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Many Massachusetts cities and towns have contacted the Massachusetts Office on Information Technology (MassIT) for guidance on registering domain names for use as the municipality's website address and/or for email addresses. As you are likely aware, the purpose of a domain name is to provide an easily remembered word address instead of a numerical address for an Internet resource, such as a website or email account. We hope this information will help municipalities make sound decisions about acquiring and using domain names.
In 2002, the U.S. General Services Administration (GSA) announced that local governments would be able to use the .GOV domain. This was particularly good news at the time because also around that time period, registration of a .US domain name was opened up to non-governmental entities. Given that a .GOV domain name can only be used by United States government entities, using a .GOV domain name increases your users' trust in the authenticity of your website.
The GSA issued suggested naming conventions for local governmental units, which include the city or town name as well as the state postal abbreviation, e.g. www.acton-ma.gov for the website and @acton-ma.gov or @actonma.gov for the email address. They also accept addresses without the hyphen:, e.g., www.amherstma.gov. Using the "-ma" or "ma" format will distinguish the Amherst, Massachusetts site and email addresses from those of Amherst, New York, New Hampshire, or Ohio.
We strongly recommend that municipalities adopt this naming convention as it will:
For consistency, we are suggesting an additional guideline. Official city or town names should be used rather than informal or popular abbreviations, for instance, marlborough-ma.gov, rather than marlboro-ma.gov.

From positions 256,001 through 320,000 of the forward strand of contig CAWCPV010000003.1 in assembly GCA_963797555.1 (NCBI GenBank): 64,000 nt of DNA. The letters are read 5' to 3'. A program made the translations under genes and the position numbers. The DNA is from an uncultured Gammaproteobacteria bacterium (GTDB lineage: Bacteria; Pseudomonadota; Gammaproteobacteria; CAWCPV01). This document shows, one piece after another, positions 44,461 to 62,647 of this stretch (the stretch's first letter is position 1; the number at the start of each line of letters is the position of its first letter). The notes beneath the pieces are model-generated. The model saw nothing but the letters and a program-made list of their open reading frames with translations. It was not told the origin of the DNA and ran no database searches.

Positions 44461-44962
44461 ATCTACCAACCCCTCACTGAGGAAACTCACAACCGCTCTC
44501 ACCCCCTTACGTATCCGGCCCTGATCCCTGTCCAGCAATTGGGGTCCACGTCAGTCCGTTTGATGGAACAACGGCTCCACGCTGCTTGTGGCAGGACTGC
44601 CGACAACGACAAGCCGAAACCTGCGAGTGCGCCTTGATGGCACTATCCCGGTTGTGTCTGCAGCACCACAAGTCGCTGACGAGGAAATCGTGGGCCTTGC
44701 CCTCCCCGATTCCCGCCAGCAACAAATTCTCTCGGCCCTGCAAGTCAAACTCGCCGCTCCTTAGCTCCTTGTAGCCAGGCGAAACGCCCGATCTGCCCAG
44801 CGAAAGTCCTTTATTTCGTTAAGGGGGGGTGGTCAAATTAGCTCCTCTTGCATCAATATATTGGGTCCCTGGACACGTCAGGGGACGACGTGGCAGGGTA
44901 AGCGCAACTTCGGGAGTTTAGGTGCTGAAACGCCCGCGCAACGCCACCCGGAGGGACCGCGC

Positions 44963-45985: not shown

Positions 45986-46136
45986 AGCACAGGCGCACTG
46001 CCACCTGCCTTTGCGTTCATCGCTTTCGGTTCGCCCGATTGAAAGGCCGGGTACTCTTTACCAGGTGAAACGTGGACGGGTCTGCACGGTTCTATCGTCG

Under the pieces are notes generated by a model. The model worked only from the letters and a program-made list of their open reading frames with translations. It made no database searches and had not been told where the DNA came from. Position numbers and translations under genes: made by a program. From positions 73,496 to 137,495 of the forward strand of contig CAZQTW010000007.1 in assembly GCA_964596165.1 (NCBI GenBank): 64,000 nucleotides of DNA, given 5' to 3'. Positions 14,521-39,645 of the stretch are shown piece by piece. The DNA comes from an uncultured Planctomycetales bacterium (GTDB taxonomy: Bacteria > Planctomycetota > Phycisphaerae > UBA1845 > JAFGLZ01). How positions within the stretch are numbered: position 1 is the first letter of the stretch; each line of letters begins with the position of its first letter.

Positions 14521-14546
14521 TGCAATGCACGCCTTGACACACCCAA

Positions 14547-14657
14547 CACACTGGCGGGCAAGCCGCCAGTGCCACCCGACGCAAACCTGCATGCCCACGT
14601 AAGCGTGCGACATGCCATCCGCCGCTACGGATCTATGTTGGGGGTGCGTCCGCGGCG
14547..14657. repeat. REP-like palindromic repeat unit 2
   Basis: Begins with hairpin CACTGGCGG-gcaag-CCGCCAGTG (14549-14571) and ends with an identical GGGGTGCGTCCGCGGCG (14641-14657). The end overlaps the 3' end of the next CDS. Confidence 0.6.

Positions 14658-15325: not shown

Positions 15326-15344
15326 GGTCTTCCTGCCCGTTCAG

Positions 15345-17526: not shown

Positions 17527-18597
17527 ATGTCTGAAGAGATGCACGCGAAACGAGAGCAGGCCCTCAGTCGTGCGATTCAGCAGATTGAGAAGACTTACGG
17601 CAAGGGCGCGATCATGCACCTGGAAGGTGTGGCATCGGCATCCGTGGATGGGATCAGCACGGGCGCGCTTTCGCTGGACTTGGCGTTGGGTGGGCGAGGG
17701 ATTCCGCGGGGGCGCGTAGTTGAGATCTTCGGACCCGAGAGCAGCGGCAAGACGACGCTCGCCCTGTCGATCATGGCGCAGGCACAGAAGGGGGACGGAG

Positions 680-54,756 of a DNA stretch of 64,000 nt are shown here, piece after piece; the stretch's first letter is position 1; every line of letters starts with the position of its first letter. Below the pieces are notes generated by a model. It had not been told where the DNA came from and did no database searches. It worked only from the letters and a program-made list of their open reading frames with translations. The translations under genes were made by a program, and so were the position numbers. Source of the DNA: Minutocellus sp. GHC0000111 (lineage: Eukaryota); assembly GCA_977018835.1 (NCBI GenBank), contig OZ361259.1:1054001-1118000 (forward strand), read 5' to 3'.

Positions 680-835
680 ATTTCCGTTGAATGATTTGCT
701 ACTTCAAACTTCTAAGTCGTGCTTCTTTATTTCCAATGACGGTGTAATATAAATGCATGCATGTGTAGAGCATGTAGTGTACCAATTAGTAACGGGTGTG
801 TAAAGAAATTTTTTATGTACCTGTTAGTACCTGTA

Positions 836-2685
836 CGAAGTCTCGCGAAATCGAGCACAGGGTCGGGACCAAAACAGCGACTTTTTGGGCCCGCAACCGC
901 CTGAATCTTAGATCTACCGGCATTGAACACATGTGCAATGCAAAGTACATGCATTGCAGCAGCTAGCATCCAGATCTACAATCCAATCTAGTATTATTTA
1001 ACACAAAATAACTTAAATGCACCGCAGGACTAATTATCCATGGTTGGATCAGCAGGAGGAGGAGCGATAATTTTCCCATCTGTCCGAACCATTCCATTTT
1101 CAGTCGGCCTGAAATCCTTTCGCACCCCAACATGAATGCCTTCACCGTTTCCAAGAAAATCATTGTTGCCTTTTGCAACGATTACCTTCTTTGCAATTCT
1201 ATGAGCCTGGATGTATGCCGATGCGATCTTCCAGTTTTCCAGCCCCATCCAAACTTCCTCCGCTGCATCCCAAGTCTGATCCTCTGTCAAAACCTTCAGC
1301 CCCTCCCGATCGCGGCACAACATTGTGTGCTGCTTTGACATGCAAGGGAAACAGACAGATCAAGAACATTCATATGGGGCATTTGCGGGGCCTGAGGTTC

Even if your municipality is already using another domain name or you have no website planned, we strongly urge that you reserve the domain name convention appropriate to your city or town for future use. You should also consider reserving any variations as well, for example:
To obtain a .GOV domain, go to the GSA's website and follow their registration instructions. You may need to ask your Internet Service Provider (ISP) for some of the required technical information to complete the registration process for the .GOV domain.
GSA bills renewal fees based upon the initial date of registration. If you are planning to register more than one domain name, you can minimize renewal activity if you register them at the same time. After the GSA has granted you the domain, your technical staff and/or your ISP will need to add this domain to your Domain Name Service (DNS). They will then need to update your host machines, such as your web and mail servers, to use this domain name.
If you are using another party for your email service, you may need to coordinate between your ISP and your email provider as well. If your current email provider does not allow you to use your own domain name, you could consider switching to a provider that does.
Given that a .US domain name may be registered, not only by governmental units, but also by any U.S. resident, public service organization or business with a bona fide location in the United States, we strongly encourage you to also reserve any .US domain names that might be relevant to your community. Registering .US domain names may allow you to prevent instances in which unauthorized sites falsely represent themselves as official websites of your city or town.
Updated September, 2016: Page information provided by Mass.gov and the MassIT Legal Office